TYPE DESIGN INFORMATION PAGE last updated on Sat Apr 21 13:23:45 EDT 2018






Haas Unica: The story

This story is taken from the Lineto web site in 2015, just after the digital revival Unica 77 (Christian Mengelt) was published by them. All italic text are verbatim quotes. The underlying thread is a huge fight between Haas and Linotype, with on the Haas side, the Swiss outfits Team 77 and Lineto, and on the Linotype side, the corporate heavyweight. Lineto / Team 77 writes: We are proud and honoured to release Unica77, created by Christian Mengelt of Team 77, the original authors of Haas Unica. Some see Unica as the pinnacle of modernist type design, arguably the most modern and the most Swiss typeface: the idea of a «pure medium», a «neutral carrier». Unica was the typeface that finally delivered what Helvetica had only promised, at a moment when, in a bizarre twist of fate, no-one was looking. And released for a fading technology at a time of transition, it was soon relegated to undeserved obscurity. The tragic story of Haas Unica is one of technological progress, economic pressure, corporate powerplay, bad timing, and unfortunate coincidences. It's the dark side of Helvetica's bright success story.

Helvetica had been secretly developed at the Haas Foundry in the mid-1950s, against the will of Stempel, their majority stakeholder. First presented as Neue Haas Grotesk, in 1957, it was a sensational success. Haas, a relatively small enterprise depending on cooperation and licensing deals, licensed it to Linotype for worldwide exploitation, who adapted it and turned it into the fabled Helvetica. However, Linotype prevented Haas from producing Helvetica for the now prevalent phototypesetting technology, and as a consequence, Haas was denied any major share of its global success.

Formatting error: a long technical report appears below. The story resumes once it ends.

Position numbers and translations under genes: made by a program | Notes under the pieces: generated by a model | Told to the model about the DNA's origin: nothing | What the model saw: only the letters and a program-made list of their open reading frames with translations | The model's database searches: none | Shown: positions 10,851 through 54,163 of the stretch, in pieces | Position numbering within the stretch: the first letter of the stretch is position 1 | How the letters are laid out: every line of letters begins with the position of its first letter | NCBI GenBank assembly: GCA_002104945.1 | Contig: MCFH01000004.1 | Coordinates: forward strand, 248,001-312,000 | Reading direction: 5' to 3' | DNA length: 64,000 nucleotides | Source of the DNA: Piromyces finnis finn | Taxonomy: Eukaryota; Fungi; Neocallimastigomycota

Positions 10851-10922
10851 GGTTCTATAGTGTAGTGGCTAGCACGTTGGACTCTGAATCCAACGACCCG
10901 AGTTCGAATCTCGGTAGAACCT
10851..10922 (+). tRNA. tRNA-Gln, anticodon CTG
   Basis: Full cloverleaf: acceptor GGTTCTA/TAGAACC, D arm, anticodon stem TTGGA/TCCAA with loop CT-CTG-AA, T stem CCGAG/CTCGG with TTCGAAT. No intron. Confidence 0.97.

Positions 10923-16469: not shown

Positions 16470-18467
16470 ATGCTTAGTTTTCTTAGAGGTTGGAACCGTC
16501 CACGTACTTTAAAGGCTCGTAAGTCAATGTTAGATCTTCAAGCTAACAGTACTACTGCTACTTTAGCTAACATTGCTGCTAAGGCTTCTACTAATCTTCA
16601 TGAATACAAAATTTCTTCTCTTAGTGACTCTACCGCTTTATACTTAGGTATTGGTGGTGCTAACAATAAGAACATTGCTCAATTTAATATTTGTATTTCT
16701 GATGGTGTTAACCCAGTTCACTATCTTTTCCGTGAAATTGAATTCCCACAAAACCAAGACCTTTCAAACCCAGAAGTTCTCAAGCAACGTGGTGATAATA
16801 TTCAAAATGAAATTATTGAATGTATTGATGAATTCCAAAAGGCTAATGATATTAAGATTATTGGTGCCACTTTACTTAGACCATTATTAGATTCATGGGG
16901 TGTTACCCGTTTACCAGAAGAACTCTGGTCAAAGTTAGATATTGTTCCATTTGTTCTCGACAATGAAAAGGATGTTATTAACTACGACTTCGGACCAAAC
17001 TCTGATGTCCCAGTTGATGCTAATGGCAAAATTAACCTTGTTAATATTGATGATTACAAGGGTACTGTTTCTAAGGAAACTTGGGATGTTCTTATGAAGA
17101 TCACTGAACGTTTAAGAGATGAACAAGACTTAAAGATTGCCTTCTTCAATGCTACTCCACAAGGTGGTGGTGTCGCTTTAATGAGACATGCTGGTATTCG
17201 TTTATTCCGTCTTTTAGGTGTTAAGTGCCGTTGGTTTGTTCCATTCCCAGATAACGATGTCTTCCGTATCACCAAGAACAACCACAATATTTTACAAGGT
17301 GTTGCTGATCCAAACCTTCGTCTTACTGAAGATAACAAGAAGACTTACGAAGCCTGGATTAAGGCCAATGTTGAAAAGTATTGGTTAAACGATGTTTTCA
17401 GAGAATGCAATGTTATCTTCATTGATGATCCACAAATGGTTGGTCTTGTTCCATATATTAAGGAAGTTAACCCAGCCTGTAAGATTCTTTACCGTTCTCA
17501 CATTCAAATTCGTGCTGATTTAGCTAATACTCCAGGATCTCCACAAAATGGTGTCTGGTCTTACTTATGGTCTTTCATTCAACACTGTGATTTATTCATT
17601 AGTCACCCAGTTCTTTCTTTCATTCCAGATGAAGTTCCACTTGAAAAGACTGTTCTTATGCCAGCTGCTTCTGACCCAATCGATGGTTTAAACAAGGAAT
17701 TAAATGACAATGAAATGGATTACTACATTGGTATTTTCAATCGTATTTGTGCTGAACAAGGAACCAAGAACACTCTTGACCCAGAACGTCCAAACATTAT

In 1973, Alfred Hoffmann of the Haas type foundry had enough. He invited the prolific type designers André Gürtler, Christian Mengelt, and Erich Gschwind to investigate improving Helvetica for phototypesetting, and to propose a new typeface optimised for the dominant technology of the day. Their thorough analysis of four formally related typefaces (Akzidenz Grotesk, Univers, Neue Haas Grotesk and Helvetica), later published in the document «From Helvetica to Haas Unica», served as foundation for the synthesis of the brilliant new typeface, its name an amalgam of Univers and Helvetica.

But by the time Bobst/Autologic (for their Eurocat system) and Linotype (for their Linotronic range) came out with Haas Unica, the days for phototypesetting were numbered. The personal computer was on its way to radically alter the design and printing professions, and in 1984 the Apple Macintosh promised a new dawn for type design. Haas Unica fell into the gap of this transitional period. It had taken six years from commissioning to foundry release, and when it came out, the world was ready to move on.